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They say first impressions are all-important. They are wrong.
Senior Andrew Casten (pictured above) had reason to celebrate on Friday night. The running back scampered for a career-high 153 yards and three scores in the Crimson's win over Holy Cross.
The Harvard football team endured injuries, trailed for a few moments, and battled all game long.
Senior defensive end Zack Hodges celebrates after sacking Holy Cross quarterback Peter Pujals on the third play of the game. Harvard leads the Crusaders by a score of 14-12 at the half.
Senior running back Andrew Casten, filling in for injured junior Paul Stanton, surpassed his career total with 153 yards and three touchdowns against Holy Cross.
Down a starting running back, wideout, and kicker—as well as a starting quarterback for the majority of the first half—the Harvard football team still managed to dispatch Holy Cross, 41-18.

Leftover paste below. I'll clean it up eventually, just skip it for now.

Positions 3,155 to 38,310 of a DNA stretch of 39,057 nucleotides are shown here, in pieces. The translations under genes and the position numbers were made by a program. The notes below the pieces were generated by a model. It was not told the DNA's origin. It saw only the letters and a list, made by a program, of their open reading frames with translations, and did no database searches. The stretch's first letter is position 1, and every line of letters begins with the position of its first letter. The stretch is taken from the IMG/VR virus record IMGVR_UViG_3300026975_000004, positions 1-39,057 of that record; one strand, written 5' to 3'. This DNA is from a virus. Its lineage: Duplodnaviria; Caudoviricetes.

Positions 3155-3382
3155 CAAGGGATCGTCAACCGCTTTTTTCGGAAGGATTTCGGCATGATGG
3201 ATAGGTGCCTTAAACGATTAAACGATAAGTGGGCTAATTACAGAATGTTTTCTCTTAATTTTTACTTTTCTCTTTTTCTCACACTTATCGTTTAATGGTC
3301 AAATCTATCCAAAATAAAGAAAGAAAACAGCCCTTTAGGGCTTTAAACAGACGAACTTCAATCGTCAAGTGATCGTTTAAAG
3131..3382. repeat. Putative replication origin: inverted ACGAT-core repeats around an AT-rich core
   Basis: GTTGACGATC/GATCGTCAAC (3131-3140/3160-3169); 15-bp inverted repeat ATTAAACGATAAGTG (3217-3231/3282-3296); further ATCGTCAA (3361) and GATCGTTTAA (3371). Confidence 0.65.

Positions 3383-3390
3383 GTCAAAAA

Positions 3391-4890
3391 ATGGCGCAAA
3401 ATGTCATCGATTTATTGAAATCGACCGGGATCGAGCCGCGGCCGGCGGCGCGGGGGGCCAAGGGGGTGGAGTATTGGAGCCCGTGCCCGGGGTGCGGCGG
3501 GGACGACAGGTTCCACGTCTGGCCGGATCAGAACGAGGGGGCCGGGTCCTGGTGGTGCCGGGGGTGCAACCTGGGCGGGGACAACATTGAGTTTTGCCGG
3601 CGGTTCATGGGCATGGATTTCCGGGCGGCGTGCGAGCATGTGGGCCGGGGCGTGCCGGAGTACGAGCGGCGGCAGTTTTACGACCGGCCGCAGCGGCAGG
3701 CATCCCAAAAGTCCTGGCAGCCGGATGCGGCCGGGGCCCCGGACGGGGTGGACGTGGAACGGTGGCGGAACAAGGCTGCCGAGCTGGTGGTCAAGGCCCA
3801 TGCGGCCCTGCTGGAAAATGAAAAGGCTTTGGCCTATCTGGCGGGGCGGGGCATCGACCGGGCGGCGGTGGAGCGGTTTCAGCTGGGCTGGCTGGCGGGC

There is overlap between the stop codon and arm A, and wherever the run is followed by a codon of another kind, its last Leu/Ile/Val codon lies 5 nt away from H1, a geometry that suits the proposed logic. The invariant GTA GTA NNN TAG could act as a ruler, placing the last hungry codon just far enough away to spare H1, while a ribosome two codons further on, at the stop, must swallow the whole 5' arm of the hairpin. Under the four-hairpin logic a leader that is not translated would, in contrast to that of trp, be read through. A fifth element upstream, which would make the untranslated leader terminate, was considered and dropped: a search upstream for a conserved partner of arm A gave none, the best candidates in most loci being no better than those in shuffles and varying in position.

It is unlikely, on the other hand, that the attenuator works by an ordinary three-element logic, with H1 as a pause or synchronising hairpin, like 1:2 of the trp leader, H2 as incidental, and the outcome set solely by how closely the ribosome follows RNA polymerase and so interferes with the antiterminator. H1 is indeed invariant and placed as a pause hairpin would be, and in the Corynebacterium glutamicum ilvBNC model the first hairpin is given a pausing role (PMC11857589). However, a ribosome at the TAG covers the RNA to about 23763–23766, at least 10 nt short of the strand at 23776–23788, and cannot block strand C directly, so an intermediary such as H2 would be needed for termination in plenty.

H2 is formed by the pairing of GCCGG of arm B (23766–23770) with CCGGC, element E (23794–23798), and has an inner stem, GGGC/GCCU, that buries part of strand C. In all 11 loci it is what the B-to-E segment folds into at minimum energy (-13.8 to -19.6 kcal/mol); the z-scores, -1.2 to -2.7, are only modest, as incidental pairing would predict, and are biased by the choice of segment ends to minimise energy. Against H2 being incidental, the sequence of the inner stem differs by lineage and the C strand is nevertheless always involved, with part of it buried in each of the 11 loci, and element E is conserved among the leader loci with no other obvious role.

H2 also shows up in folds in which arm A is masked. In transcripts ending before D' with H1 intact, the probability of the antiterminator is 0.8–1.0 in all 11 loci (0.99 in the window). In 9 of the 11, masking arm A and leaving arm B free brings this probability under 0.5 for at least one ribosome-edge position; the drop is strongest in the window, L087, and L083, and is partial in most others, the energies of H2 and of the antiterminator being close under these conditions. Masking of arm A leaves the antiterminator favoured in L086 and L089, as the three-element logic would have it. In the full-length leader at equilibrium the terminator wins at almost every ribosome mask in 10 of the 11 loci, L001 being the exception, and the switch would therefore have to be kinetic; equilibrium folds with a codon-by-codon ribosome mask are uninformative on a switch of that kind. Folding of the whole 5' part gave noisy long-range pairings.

Holy Cross enters Harvard’s home opener having already played three games this season, yet quarterback Conner Hempel, shown here in the 2013 spring game, feels confident in the Crimson’s preparation, which included three scrimmages.
Junior Paul Stanton, the Harvard football team's leading rusher from last year, is out for the Crimson's season opener against Holy Cross.
In 2013, Holy Cross nearly upset the Crimson in triple overtime. Returning their star quarterback, the Crusaders will look to challenge Harvard again on Friday night.
The Harvard football team starts its season tonight without its top two running backs, junior Paul Stanton and freshman Semar Smith.
Junior wideout Andrew Fischer, along with senior receiver Seitu Smith, will continue to develop in their similar and versatile roles this season.
If you forget who junior wide receiver Andrew Fischer and senior wideout Seitu Smith II are now that the pair have switched their jersey numbers to No. 1 and No. 2, respectively, just remember they are the fast guys.
For running back Paul Stanton, the arrival of junior year brings many possibilities to build upon his breakout sophomore season for Harvard.
Special teams occupies a unique place in football. While defenders rely on speed and brute force, punters count on skill and accuracy. While quarterbacks adapt to a defense, a kicker’s ally is consistency and repetition.